There’s several key issues on voters’ minds in the 2022 Election. Inflation, abortion, immigration – they’re all on the table. In Missouri, sports betting is too.
While not directly up to the voter, like recreational marijuana is, Missouri voters can indirectly determine whether or not sports betting will become legal in 2023.
Biggest obstacle could be in Senate
Last session, as they’ve done each year since 2018, lawmakers failed to pass legislation legalizing Missouri sports betting. What’s worse, rival neighbor Kansas launched sports wagering earlier this year, siphoning money from The Show Me State in the process.
Looking at the next legislative session in Missouri, the biggest hurdle on Nov. 8 will likely be in the Senate. That’s despite every member of the House of Representatives being up for re-election.
Some candidates in both chambers face no challenge on the ballot, while others have to pull off winning an election before they can begin to think about sports betting.
The House is an easy ‘Yes’ on sports betting
With no Democratic opposition, Rep. Dan Houx of District 54 is a shoo-in for his last term in the House. As one of the most vocal proponents of sports betting, Houx will ensure the conversation will, at the least, keep going.
In 2022’s legislative session, Houx did more than talk, He orchestrated a pair of sports betting bills that cleared the House with a whopping 115 votes for and only 33 against. But they hit a brick wall in the Senate, partly attributed to a difference in priorities.
Since then, however, some important voices in the Senate appear to be willing to revisit sports betting in 2023. And perhaps this time, with bartering for Missouri’s professional sports teams by neighboring states sparking urgency, a collaborative bill can make its way to Gov. Mike Parson’s desk.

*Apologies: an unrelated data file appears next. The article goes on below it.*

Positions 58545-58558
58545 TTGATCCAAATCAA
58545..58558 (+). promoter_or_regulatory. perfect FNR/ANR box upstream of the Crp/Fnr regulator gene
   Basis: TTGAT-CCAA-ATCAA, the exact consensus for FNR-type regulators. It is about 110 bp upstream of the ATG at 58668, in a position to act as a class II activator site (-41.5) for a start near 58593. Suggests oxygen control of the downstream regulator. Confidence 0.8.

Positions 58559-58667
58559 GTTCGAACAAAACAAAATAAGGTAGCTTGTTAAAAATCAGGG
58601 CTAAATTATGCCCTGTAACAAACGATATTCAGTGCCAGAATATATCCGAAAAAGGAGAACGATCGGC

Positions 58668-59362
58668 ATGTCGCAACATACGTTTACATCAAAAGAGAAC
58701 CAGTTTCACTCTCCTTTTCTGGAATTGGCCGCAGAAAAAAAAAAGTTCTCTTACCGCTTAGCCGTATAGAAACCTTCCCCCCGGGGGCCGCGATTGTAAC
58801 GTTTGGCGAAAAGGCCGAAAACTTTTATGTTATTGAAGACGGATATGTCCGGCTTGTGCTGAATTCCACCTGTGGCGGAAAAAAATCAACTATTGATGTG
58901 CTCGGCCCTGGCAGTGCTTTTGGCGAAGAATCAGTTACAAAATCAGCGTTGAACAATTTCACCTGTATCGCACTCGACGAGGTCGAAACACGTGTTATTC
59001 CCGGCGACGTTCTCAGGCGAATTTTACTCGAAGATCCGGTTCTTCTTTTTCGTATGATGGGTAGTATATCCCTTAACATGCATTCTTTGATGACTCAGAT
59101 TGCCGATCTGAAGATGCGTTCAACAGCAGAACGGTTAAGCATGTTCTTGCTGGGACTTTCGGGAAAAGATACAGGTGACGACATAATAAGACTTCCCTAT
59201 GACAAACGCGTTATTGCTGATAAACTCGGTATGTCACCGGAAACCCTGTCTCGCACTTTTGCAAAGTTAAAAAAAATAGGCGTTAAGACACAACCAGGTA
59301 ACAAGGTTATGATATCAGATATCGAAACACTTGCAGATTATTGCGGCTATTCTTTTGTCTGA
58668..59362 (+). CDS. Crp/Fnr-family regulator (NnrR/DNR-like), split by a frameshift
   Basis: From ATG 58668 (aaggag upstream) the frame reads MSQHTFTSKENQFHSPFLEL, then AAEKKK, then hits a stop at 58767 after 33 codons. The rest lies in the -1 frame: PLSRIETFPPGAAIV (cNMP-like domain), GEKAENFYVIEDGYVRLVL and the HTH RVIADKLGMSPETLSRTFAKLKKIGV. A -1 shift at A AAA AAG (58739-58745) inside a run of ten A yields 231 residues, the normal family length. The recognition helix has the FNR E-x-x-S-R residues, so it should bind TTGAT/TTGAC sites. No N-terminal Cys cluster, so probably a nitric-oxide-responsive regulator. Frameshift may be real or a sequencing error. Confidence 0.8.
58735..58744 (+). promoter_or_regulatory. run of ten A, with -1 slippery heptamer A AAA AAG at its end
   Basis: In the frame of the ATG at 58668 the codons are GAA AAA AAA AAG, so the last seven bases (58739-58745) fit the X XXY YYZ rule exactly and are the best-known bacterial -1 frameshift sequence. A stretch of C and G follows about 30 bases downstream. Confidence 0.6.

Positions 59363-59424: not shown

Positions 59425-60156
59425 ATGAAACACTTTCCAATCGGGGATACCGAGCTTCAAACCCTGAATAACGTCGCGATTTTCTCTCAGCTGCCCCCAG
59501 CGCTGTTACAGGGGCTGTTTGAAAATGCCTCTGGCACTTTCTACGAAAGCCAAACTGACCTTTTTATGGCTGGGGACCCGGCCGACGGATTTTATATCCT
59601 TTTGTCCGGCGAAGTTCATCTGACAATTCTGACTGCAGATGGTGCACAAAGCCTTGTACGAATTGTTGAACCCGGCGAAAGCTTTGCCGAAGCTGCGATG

All eyes will end up on the governor
Parson, however, appears complacent on sports betting. The governor doesn’t possess the same vigor on the topic as he did for Sen. Lincoln Hough’s recent tax cut legislation, which could put the state in a serious budget bind.
Parson told KTVI in St. Louis that there’s no urgency on sports wagering legislation.
“I think it’s going to be one of those things that’s coming when the day comes. The day is going to happen, but that needs to go through the legislative process, and it goes in there year in and year out.”
Parson didn’t indicate whether he would sign sports betting into law. He simply said he is prepared to make a decision when a bill finds his desk.
Senate appears ready to take on sports betting
A reason for optimism for sports betting proponents is the influential voices in the Senate seeing it as a priority in the next legislative session.
Sen. John Rizzo of District 11, the Democratic minority leader, vocalized the urgency of needing to pass sports betting in a recent interview with FOX 4.
“If I go home next May or I’m at my next fantasy football draft without sports betting, they are going to put me out on a rail. We’ve got to do whatever it is we need to do to get it done. My constituents want it, but more importantly, it’s just something this state needs to get done.”
Rizzo is not up for re-election until 2024, so he will have, at a minimum, another two years to help oversee any betting legislation.
Sen. Caleb Rowden, the Republican majority leader who is also free from the pressures of an election for another two years, has also indicated his plans to prioritize sports betting in 2023. That further cements the fact that sports betting is not a party line issue but a bipartisan one.
Plocher faces tough challenge
However, Rep. Dean Plocher of District 89, a big sports betting proponent and the assumed next speaker of the House, doesn’t have it so easy. One would assume a three-term incumbent facing the same Democratic challenger as he did in 2020 should be a shoe-in, but redistricting has made statehouse races unpredictable.
Even if the strongest legislative voices in support of sports betting find themselves out of Jefferson City come next year, the support is there. It’s just a matter of checking all the boxes for past sports betting opponent Sen. Dennis Hoskins and his colleagues in the General Assembly’s upper chamber.
They’re tired of this still being up for debate, too.